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The 10 strongest retail markets

The 10 strongest retail markets

New report examines which cities are ripe for restaurant expansion

The Washington, D.C., area topped the list of the nation’s most healthy retail markets as a growing number of restaurant companies and retailers ramp up expansion, according to a report released Monday.

San Francisco, New York City, Boston and San Diego also ranked high as attractive retail markets in the U.S. National Retail Report, which was published by ChainLinks Retail Advisors, a real estate services and brokerage organization, in partnership with commercial retail brokerage firm Terranomics.

The report evaluates aspects of shopping center markets in more than 40 metropolitan areas, looking at vacancy rates, absorption, construction and rental rates. The authors also looked at macroeconomic trends, such as unemployment rates, housing starts and income growth, as well as overall retailer demand.

The top 10 retail markets, according to the report:

1. Washington, D.C.
2. San Francisco
3. New York City
4. Boston
5. San Diego
6. San Jose/South Bay
7. Baltimore
8. Philadelphia
9. Seattle
10. Pittsburgh

For restaurants looking to expand, low unemployment rates is a key indicator, said Garrick Brown, Terranomics’ director of retail research.

Not only does the Washington, D.C., area have relatively low unemployment of 6 percent, personal income levels climbed by 2.3 percent in 2010 and are expected to jump another 3.9 percent in 2011, the report found. In addition, Washington’s retailer demand rate has skyrocketed over the past 24 months and shopping center vacancy rates are low.

“D.C. is off the charts,” Brown said, “and it’s spilling over to the whole Eastern seaboard. Baltimore is doing great and in Pittsburgh there’s a ton of retailer demand.”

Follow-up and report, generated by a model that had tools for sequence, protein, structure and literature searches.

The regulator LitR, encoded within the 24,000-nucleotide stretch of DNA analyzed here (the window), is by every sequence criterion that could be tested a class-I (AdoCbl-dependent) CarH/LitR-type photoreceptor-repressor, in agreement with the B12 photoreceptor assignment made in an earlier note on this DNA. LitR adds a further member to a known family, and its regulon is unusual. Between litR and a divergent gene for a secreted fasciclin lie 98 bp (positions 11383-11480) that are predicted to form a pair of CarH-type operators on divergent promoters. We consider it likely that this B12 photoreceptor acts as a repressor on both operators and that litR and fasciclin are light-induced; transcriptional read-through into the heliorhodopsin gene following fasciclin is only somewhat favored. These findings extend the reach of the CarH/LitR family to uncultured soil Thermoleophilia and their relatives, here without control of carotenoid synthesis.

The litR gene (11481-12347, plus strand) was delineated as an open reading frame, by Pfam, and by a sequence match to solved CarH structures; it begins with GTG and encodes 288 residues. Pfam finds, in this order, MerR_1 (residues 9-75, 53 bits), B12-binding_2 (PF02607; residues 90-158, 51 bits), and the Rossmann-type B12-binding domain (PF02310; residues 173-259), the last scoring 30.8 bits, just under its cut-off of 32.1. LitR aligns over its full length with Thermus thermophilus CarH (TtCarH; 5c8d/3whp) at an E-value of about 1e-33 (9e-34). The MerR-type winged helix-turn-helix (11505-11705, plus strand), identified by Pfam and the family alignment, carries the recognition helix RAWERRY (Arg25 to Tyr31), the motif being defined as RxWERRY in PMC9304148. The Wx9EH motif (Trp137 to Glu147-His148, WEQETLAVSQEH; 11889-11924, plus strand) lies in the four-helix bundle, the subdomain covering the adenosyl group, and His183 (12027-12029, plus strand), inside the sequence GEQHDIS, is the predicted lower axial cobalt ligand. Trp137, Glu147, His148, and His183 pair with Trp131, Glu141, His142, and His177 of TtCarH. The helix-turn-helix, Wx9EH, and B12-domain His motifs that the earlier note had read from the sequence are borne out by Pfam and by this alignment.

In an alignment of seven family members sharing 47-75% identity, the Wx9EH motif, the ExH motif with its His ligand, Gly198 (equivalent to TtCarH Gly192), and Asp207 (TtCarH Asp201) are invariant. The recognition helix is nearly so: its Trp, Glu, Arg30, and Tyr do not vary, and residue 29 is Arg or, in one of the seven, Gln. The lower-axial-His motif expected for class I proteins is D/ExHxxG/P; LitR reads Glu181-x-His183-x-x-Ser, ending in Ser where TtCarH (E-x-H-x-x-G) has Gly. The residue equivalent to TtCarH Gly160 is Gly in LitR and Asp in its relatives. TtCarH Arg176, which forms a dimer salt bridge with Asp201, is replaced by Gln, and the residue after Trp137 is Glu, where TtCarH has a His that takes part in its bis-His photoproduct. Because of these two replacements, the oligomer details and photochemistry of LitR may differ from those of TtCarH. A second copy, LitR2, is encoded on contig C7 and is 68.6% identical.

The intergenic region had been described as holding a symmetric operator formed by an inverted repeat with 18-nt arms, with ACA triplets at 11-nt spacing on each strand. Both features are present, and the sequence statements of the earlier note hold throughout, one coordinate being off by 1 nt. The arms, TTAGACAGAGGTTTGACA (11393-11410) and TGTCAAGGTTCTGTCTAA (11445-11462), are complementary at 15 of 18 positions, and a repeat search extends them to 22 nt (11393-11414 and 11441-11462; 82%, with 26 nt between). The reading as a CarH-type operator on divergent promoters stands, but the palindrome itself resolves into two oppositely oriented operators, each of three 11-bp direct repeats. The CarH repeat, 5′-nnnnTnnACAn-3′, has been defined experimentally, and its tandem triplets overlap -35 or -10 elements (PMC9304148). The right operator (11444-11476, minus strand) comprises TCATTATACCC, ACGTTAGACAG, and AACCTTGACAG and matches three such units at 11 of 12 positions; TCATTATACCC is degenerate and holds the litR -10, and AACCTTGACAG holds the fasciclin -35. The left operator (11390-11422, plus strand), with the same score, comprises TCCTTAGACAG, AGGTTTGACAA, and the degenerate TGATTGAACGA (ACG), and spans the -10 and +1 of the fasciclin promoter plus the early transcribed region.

Some areas with relatively high unemployment levels, such as the coastal California cities of San Francisco, San Diego and San Jose, made the top 10 because of relatively inexpensive rental rates, Brown said.

According to the report, leasing activity overall in 2009 was down by as much as 70 percent in some markets from the peaks seen in 2006 and 2007. In 2010, that activity began to improve as retailers attempted to cash in on significantly reduced rents.

“Right now we’re seeing rents are about 30 percent to 40 percent off peak,” Brown said. In markets like Los Angeles, San Diego and San Francisco, there has been so much interest in first-tier shopping centers that rents have come back up — though they remain about 20 percent off peak for “A” locations in those cities.

Retail demand is also strong in Texas cities and Chicago, but existing vacancy levels are higher there. As a result, Brown said, there is less of a sense of urgency.

“If the window in the San Francisco Bay Area and Los Angeles [to find reduced rental rates] is a year to 18 months, in Chicago it’s two years,” Brown said.

In strong markets, rental rate growth has spilled over to second-tier shopping centers, but third-tier locations — such as unanchored strip centers — remain the most challenged, according to the report.

Earlier this year, ChainLinks Retail Advisors released a National Retailer and Restaurant Expansion Guide that identified “active restaurant chains” planning aggressive growth in 2011. (EARLIER: Restaurants ready to grow again)

According to the report released Monday, growth in the restaurant industry will continue to be dominated by quick-service and fast-casual concepts in 2011. “White hot” concepts include Five Guys Burgers and Fries and Smashburger, as well as Buffalo Wild Wings and Wingstop. Frozen yogurt players are also expected to be active, as are chains that offer franchise deals such as Papa John’s, Quiznos and Subway, the report said.

The report also predicted the slow return of casual-dining chains such as IHOP, Sizzler, T.G.I. Friday’s and Applebee’s. And the return of business spending will bring continued improvement to fine-dining chains such as Morton’s and McCormick & Schmick’s.

However, Brown said restaurant companies should not expect to see new shopping center development in coming months. Most of the commercial activity will include the purchase of existing and distressed properties, which will be redeveloped or upgraded.

“We’ll be seeing the 25-year-old shopping center that was losing its edge, that will be changing hands and new capital will be invested,” he said.

Contact Lisa Jennings at [email protected].

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